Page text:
This is a day for the people who make up the world of the record store—the staff, the customers, and the artists—to come together and celebrate the unique culture of a record store and the special role these independently owned stores play in their communities. Special vinyl and CD releases and various promotional products are made exclusively for the day. Festivities include performances, cook-outs, body painting, meet & greets with artists, parades, DJs spinning records, and on and on. In 2008 a small list of titles was released on Record Store Day and that list has grown to include artists and labels both large and small, in every genre and price point. For several years, 60% or more of the Record Store Day Official Release List came from independent labels and distributors. The list continues to include a wide range of artists, covering the diverse taste of record stores and their customers.
On the first Record Store Day, Metallica spent hours at Rasputin Music in San Francisco meeting their fans and now each year hundreds of artists, internationally famous and from the block, flock to record stores around the world for performances, signings, meet and greets and to fill their own shopping bags with music. In 2009, Jesse “Boots Electric” Hughes (Eagles of Death Metal) declared himself the “Record Store Day Ambassador” as a way of shouting out how important the stores were to artists and since then Joshua Homme (Eagles of Death Metal, Them Crooked Vultures, Queens of the Stone Age), Ozzy Osbourne, Iggy Pop, Jack White, Chuck D, Dave Grohl, Metallica and St. Vincent have worn the ceremonial sash.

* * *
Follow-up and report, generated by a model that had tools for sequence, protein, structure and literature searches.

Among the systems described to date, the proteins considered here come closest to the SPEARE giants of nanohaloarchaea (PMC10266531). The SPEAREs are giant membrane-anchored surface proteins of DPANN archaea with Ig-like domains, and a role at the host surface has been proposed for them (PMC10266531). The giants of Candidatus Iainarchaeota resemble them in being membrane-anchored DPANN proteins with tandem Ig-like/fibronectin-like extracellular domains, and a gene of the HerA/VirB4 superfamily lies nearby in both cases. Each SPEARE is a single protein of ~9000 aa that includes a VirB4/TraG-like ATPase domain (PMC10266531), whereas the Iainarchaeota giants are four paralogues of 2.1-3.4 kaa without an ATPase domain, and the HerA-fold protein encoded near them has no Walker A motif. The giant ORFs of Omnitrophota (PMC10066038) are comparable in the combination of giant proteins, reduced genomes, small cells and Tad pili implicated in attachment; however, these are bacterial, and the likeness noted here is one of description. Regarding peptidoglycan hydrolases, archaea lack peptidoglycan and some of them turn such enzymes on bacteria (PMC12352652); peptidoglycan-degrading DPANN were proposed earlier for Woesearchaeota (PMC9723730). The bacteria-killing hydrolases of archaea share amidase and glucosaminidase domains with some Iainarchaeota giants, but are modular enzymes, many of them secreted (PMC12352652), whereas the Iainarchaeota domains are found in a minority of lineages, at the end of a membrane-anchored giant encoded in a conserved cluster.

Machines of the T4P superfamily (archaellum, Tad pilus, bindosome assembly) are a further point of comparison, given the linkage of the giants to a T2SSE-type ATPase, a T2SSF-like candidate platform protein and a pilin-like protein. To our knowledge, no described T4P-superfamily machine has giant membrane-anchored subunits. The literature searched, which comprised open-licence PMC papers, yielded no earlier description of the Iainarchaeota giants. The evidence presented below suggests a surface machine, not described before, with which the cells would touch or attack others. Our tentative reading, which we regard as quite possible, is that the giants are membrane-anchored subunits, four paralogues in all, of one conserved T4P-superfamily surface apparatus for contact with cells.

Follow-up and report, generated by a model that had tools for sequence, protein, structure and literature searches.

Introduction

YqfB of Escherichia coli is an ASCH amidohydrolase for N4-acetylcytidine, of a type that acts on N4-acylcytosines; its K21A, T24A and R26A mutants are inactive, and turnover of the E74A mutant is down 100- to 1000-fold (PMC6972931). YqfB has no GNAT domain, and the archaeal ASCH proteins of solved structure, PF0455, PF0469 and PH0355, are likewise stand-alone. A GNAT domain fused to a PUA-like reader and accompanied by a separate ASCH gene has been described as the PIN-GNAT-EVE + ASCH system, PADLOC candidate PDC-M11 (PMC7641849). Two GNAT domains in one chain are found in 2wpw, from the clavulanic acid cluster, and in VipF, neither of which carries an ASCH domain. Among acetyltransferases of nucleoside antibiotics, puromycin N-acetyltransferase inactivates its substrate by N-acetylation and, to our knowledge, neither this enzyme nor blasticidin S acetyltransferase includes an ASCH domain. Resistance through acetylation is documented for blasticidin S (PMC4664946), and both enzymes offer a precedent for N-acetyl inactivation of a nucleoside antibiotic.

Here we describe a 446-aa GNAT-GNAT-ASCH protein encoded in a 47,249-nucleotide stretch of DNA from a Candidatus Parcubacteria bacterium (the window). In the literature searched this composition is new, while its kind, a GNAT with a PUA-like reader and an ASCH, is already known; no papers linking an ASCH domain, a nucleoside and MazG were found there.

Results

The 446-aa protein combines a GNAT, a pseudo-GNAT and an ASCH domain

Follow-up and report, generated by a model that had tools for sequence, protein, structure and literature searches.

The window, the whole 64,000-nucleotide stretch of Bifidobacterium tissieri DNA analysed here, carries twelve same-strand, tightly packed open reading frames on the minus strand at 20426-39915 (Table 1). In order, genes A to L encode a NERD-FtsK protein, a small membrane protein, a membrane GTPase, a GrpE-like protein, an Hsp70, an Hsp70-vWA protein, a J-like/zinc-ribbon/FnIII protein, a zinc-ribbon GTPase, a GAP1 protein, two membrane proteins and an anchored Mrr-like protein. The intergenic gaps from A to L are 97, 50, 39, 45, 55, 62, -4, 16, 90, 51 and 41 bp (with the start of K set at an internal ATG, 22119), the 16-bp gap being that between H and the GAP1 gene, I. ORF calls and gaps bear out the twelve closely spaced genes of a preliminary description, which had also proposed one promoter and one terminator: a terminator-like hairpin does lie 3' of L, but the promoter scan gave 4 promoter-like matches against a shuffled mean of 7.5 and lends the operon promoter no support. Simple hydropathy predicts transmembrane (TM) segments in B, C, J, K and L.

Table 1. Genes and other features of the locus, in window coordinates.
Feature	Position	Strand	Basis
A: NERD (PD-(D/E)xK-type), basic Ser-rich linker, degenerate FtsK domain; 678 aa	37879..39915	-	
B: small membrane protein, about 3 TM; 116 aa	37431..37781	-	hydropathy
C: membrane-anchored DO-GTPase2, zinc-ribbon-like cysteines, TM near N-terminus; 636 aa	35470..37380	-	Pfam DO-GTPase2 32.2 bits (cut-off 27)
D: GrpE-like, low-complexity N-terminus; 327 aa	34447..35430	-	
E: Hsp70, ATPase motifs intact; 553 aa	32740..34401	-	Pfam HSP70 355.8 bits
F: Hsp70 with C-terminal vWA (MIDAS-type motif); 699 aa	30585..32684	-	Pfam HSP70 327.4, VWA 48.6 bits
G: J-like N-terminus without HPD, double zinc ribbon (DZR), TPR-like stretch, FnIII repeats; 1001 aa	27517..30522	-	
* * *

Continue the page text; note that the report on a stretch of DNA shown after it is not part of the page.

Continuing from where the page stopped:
During a trip to Nashville, the family and I were lucky enough to stumble upon Jack White’s Third Man Records. His carefully crafted aesthetic offers a step back in time with vintage fixtures including a photo booth, and 1947 private recording booth where for $20 you can record your own song. Yes, the collection is primarily reserved for Jack’s music and that of artist’s on his label, regardless, you won’t leave disappointed. Jack’s dedication to preserving a feeling is pure magic.
Upon returning to Denver we were beyond inspired and bought a Crosley suitcase record player and resurrected our collection. We chose a Crosley because we like their mission. “Our roots are planted in the history of analog music players, but we also keep our eyes turned to the future progression of sound.” With that said, our renewed love for listening to a record, reminded us of the fact that when you play an album, you are experiencing the record as the artist intended it to be listened to. An entirely different listening experience than say listening to a one-off song on Spotify. We are living in an age where everything is disposable. But with a record, you listen from start to finish, a forgotten art. And it is because of this, that we have one rule in our house: Only buy a record that you LOVE from beginning to end. We suggest Pavement’s Wowee Zowee, anything by Fleetwood Mac or Tom Petty and, of course, Nina Simone’s I Put a Spell On You. But whatever your flavor, make it count.
Why It’s Important
Music is a universal language with the record store acting as the vehicle for this undying culture. We don’t want to know a world without books, magazines and records. To hold something in your hands is to feel alive. So join us in support of Record Store Day and help protect the exposure of new music to the world.
“The indie record stores are the backbone of the recorded music culture. It’s where we go to network, browse around, and find new songs to love. The stores whose owners and staff live for music have spread the word about exciting new things faster and with more essence than either radio or the press. Any artist that doesn’t support the wonderful ma and pa record stores across America is contributing to our own extinction.”
– Joan Jett